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Altered coronary flow velocity reserve and left ventricular wall motion dynamics: a phenomenon in hypertensive patients with ECG strain.

Arita, Yu; Hirata, Kumiko; Wada, Nozomi; Komukai, Kenichi; Tanimoto, Takashi; Kitabata, Hironori; Takarada, Shigeho; Nakamura, Nobuo; Kubo, Takashi; Tanaka, Atsushi; Imanishi, Toshio; Akasaka, Takashi.
Echocardiography; 30(6): 634-43, 2013 Jul.
Artigo em Inglês | MEDLINE | ID: mdl-23311501


The inner-half layer of the left ventricular (LV) wall is primarily affected by ischemia and increased LV afterload. We hypothesized that LV wall thickening of inner-half layer and coronary microvascular function are impaired in hypertensive patients, especially in those with electrocardiographic (ECG) strain, which is a marker of LV hypertrophy and adverse prognosis. Therefore, the aim of this study is to investigate the association of the ratio of inner- to outer-half layer of the LV myocardial deformation and coronary microvascular function with ECG strain in hypertensive patients.


We studied 98 hypertensive patients and 13 controls. Hypertensive patients were divided into 2 groups, with (S+) and without (S-) ECG strain. Coronary flow velocity reserve (CFVR) of the left anterior descending artery was evaluated using transthoracic echocardiography. Circumferential and radial strains of the LV wall were analyzed by two-dimensional echocardiographic speckle tracking method, and the inner- to outer-half layer ratio (in/out ratio) was assessed.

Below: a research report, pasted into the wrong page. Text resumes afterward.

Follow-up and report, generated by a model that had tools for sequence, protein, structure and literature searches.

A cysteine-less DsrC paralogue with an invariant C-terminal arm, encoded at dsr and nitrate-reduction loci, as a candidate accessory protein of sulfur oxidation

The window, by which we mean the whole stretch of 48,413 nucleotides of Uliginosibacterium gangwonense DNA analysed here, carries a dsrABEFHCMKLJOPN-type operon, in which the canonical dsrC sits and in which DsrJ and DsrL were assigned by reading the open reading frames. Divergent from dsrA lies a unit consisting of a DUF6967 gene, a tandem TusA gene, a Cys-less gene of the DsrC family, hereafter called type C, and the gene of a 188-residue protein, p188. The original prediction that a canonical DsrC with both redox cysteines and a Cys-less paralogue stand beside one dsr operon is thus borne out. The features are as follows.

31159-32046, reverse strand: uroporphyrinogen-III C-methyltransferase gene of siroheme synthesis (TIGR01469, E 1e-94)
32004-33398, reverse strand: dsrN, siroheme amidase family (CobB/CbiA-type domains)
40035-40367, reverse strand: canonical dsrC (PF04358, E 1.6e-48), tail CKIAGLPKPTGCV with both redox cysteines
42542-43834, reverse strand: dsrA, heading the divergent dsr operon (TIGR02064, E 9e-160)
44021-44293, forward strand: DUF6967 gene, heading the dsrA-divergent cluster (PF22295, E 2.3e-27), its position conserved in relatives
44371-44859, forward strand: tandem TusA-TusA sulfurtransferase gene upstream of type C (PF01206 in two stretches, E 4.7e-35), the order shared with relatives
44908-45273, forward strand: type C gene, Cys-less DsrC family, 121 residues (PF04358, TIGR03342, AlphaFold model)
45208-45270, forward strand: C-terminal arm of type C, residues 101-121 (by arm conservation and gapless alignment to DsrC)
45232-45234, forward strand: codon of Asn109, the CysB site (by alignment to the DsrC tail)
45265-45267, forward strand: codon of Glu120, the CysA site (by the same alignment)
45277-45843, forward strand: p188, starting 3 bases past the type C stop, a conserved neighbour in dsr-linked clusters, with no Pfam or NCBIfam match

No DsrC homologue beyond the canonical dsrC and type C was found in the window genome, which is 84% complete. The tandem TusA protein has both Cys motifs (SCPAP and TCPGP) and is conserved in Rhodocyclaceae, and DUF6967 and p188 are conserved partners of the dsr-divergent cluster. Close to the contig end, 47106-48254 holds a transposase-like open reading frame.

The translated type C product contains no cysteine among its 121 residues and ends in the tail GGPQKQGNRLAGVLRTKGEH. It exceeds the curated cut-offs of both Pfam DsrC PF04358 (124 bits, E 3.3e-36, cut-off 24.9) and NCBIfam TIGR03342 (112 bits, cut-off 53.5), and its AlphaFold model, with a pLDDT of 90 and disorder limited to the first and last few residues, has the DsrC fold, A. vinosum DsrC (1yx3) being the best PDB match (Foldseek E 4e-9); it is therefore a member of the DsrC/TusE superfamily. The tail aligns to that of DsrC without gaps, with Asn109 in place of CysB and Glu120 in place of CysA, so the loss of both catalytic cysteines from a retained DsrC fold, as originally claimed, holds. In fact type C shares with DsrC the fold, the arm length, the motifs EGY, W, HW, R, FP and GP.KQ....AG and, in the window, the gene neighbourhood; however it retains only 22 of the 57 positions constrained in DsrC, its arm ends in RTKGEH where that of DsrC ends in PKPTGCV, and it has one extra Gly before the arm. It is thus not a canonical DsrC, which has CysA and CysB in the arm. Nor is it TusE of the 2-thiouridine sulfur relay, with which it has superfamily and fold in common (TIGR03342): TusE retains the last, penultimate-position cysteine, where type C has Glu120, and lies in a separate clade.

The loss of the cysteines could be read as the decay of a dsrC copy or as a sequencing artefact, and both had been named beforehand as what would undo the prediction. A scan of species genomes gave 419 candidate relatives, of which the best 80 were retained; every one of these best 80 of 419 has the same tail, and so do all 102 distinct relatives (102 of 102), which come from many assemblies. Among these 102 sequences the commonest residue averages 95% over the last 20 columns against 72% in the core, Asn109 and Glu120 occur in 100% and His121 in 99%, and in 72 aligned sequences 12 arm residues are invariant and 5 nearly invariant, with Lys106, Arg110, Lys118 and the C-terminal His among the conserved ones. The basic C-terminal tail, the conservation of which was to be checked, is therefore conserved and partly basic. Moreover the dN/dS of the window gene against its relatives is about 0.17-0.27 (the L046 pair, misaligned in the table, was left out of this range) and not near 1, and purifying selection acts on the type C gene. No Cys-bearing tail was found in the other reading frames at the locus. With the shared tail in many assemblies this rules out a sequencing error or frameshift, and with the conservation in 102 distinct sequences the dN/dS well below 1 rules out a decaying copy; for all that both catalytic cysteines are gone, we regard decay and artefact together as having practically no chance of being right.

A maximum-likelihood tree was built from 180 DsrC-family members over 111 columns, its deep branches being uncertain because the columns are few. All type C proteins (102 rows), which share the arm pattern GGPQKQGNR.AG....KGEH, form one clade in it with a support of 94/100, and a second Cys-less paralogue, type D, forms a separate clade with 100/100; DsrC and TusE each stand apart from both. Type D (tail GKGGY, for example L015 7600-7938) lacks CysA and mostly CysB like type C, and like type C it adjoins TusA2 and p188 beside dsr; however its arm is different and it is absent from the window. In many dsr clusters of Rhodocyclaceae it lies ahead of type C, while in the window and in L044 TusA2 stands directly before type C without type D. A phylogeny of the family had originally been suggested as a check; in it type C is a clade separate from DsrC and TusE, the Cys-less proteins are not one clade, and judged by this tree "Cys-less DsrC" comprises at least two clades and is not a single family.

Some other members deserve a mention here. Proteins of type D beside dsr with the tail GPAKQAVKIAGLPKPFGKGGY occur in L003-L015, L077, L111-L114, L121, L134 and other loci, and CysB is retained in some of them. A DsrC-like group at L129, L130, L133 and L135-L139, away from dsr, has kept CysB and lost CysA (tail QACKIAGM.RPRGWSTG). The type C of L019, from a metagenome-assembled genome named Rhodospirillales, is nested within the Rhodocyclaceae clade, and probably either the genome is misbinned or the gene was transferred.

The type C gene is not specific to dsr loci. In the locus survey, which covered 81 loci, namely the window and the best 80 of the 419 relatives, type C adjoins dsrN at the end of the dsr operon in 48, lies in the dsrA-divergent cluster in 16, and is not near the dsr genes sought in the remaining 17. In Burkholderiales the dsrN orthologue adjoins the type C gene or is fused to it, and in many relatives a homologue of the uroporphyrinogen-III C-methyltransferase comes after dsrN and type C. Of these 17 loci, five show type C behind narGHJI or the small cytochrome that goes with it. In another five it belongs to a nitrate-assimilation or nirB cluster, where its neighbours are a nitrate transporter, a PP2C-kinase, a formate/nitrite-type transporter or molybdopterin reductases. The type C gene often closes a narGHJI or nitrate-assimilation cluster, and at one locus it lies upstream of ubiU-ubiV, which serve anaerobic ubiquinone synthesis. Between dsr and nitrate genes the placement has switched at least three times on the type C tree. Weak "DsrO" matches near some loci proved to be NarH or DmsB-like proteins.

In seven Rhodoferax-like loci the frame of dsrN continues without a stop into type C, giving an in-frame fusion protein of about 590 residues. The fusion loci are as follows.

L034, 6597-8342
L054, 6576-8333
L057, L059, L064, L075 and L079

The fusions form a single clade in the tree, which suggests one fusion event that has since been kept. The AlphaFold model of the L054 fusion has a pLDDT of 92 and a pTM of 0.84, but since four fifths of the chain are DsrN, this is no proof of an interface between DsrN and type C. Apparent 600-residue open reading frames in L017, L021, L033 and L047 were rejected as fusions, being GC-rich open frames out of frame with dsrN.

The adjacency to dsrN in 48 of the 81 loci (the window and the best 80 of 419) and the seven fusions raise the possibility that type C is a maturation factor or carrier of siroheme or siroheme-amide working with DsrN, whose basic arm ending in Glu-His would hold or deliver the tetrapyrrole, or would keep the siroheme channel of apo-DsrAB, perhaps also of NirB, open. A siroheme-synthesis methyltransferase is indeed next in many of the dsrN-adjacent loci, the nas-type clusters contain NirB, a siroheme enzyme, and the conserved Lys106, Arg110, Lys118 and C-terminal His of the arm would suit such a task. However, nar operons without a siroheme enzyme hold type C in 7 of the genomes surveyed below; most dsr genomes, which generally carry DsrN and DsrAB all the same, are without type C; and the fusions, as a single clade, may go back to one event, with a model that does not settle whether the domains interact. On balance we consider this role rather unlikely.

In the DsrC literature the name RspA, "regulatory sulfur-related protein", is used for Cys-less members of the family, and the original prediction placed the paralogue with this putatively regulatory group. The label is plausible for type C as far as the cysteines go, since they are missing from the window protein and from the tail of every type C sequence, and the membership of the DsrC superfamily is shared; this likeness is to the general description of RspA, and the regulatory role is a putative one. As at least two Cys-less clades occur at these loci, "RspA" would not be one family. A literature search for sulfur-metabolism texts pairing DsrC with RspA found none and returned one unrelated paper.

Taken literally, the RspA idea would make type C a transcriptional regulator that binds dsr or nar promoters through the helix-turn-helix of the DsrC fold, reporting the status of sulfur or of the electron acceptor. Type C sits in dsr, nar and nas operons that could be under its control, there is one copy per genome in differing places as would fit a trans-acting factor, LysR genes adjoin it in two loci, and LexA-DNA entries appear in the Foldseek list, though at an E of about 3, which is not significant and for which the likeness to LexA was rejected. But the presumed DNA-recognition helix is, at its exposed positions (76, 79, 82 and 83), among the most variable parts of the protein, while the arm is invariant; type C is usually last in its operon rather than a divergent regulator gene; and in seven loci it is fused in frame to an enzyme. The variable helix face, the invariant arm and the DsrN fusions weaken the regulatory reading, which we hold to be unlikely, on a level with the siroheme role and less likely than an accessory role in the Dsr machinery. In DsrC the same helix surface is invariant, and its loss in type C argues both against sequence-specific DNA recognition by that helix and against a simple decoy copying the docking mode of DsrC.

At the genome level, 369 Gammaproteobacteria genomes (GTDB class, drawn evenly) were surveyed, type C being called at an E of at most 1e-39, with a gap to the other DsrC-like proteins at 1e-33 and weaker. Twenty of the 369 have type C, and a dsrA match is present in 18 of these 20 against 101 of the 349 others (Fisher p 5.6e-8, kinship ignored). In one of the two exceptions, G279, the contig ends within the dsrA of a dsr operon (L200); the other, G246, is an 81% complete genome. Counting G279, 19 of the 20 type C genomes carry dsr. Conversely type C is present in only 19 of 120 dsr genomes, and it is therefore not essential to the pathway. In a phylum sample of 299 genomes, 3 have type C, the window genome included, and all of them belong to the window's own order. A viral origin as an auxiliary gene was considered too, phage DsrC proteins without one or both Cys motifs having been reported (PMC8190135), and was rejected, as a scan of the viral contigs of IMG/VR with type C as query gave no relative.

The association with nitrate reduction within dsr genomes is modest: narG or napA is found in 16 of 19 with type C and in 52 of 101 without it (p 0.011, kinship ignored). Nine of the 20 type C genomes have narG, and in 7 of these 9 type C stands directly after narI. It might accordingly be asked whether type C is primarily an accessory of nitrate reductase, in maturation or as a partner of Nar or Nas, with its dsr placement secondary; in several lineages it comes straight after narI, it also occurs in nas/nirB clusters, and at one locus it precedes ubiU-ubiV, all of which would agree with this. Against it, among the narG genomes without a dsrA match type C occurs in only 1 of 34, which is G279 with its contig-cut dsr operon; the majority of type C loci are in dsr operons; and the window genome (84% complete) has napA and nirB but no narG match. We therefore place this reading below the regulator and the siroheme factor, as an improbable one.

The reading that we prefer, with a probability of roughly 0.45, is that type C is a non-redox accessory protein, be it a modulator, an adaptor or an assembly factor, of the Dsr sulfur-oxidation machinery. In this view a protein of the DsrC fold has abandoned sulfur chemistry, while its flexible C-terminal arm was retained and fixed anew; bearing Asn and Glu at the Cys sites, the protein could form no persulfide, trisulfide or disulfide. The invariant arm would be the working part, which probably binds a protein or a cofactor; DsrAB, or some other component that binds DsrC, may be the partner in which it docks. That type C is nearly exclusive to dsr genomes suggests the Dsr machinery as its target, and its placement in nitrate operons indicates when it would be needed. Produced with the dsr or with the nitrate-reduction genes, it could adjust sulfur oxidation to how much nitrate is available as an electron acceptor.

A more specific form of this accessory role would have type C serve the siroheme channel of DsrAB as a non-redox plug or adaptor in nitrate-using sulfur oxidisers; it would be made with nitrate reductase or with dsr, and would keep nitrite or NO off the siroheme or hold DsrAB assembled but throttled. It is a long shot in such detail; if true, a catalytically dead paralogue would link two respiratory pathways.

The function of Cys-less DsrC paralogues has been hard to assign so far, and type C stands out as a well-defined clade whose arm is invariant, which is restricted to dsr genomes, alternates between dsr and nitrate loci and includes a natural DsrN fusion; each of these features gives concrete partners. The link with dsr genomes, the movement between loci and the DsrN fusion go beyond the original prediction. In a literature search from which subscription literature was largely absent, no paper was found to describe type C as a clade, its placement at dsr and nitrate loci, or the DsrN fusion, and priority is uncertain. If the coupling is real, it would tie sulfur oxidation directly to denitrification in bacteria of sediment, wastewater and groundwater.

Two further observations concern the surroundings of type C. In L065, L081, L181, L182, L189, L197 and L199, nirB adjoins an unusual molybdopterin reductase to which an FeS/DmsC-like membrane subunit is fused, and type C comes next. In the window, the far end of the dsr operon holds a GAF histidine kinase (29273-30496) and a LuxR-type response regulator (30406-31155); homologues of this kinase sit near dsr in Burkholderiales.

Coronary flow velocity reserve of S+ (2.06 ± 0.65) was significantly smaller than those in S- and controls (3.03 ± 0.65 and 3.38 ± 0.51, respectively). In/out ratio in both circumferential and radial strains were decreased as well as in S+ patients. Furthermore, in/out ratio was directly proportional to CFVR.


Hypertensive patients with ECG strain possessed severely impaired CFVR and inner-half myocardial deformation. Moreover, the more severe the LV hypertrophy progresses, the greater is the impairment of coronary microvascular and LV inner-half myocardial deformation. Thus, CFVR and in/out ratio are useful quantitative markers that can render sensitive assessment of physiological changes in hypertensive heart disease.
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